This article is insane and I encourage all to read it.
Essentially in return for fake “yellowcake” documents provided by the Italian government used to justify the Iraq war, Bush awarded a lucrative contract to an Italian company to produce the presidential helicopter, Marine One.
I seriously hope Obama uses this opportunity to further expose illegal practices by the Bush administration in the run-up to Iraq.
As a followup to Seed Magazine’s February 2009 issue, The Universe in ’09, Seed has lunched a cool interactive edition of the magazine.
The top navigation mechanism is evidently a play off of the design of the magazine’s spine which is some sort of chemical-spectral visualization of one of the elements on the periodic table (for a full explanation of the design inspiration behind the magazine, colors and logo, read the foreword of the Feb ’09 issue – original magazine Creative Direction done by Stephan Sagmeister).
Either way, we’ve all seen this interaction paradigm done before, admittedly with more polish and smoothness elsewhere. However, as is with most content providers, content is king. And Seed’s content is some of the most engaging and rewarding out there for dorks like me. In this execution the interaction doesn’t at all get in the way of enjoying the content – in fact it enhances the overall experience by reinforcing the multi-threaded world we live in.
In all, go to this site not so much for a flashy new toy, but for the content – and along the way be engaged and rewarded. Kind of like the magazine itself.
(thnx Mulvey for pointing this out)
Using a rig set up in the boot, the following image was created by racing a vintage E-Type. It will be interesting to see what visual “signature” each track creates, or if they all end up looking similar. Essentially, let’s see what patterns this thing creates based on track topography.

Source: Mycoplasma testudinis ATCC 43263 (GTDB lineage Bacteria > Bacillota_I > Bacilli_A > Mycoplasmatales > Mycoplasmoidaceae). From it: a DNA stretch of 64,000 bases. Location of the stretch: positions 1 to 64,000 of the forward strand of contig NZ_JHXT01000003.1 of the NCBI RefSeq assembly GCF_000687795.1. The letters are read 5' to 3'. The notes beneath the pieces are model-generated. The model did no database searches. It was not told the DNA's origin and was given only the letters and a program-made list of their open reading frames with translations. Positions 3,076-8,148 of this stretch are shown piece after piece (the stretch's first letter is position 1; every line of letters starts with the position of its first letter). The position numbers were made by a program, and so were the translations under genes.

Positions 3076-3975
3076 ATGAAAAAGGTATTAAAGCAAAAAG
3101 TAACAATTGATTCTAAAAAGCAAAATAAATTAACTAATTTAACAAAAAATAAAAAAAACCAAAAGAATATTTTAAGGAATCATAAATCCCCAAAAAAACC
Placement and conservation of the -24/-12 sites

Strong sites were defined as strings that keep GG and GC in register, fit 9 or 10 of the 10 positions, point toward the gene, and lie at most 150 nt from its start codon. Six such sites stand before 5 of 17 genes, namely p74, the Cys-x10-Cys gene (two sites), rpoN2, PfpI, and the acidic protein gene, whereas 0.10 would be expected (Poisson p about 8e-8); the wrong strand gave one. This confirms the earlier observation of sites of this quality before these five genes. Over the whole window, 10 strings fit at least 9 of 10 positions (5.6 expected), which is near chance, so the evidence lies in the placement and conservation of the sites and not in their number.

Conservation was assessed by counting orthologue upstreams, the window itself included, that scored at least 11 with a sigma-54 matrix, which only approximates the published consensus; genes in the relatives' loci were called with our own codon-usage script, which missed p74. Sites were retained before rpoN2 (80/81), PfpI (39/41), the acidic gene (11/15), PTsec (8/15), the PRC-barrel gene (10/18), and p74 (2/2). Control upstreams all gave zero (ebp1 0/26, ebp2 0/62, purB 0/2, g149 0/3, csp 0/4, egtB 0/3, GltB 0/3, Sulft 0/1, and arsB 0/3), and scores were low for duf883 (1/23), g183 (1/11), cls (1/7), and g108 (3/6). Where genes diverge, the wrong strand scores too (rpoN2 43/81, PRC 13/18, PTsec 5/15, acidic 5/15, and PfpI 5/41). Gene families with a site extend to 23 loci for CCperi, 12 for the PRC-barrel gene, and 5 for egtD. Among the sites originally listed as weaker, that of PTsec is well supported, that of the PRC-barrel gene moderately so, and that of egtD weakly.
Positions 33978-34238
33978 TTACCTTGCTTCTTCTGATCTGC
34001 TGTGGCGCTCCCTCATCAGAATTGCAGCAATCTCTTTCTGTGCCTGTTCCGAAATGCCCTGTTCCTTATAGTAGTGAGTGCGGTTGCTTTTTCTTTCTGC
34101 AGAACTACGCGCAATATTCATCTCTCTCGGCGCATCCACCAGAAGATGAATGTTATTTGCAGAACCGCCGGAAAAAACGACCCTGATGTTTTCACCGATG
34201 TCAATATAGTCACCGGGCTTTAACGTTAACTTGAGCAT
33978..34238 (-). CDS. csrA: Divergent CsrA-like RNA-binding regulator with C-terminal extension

This seems to be a sniffer issue that they have now resolved for the iPhone. Wheew!
This morning I noticed Google changed there iPhone reader to something that looks like it was designed for a clam-shell ca. 1999. WTF?
Google’s Old Mobile Reader (Left) and Google’s New Mobile Reader (Right)
I really loved the sophistication of their old mobile reader – you could browse folders and really do anything that the full-featured version could do. It also used consistent UI paradigms between the mobile and full versions. I also appreciated the integration of that top blue bar (not shown in demo shot, but trust me, it was there) with the rest of their mobile offering. I can’t stress enough how disappointing this revision is.
Maybe their going to save the good version for their android phones, which would be a shame because I’d then have to choose between tight music integration (iPhone) and fantastic & integrated mobile web content delivery.
Someone bring the old mobile reader back!
Did a little Roundarch Blog Post:
At Roundarch we often work behind the firewall – which for people not familiar with our terminology, means we work on projects we’re not allowed to discuss, much less show publicly. As designers, not having a public audience/forum for our work can be both liberating and frustrating. So when Sam Lessin and Chad Stoller from drop.io contacted us to assist them in redesigning their simple yet powerful service, our ears perked up. Not only would we have an opportunity to creatively contribute to a product we all believed in, but we could do so publicly without risking the ire of valued but secret clients.
I can’t stress enough how useful their tool really is. I use it all the time. I have used it for an internal Roundarch presentation on Cloud Computing as well as for other personal things like picture drops and quick file transfers (when my IM craps-out). The ways in which to use their service seem to grow with each user’s imagination.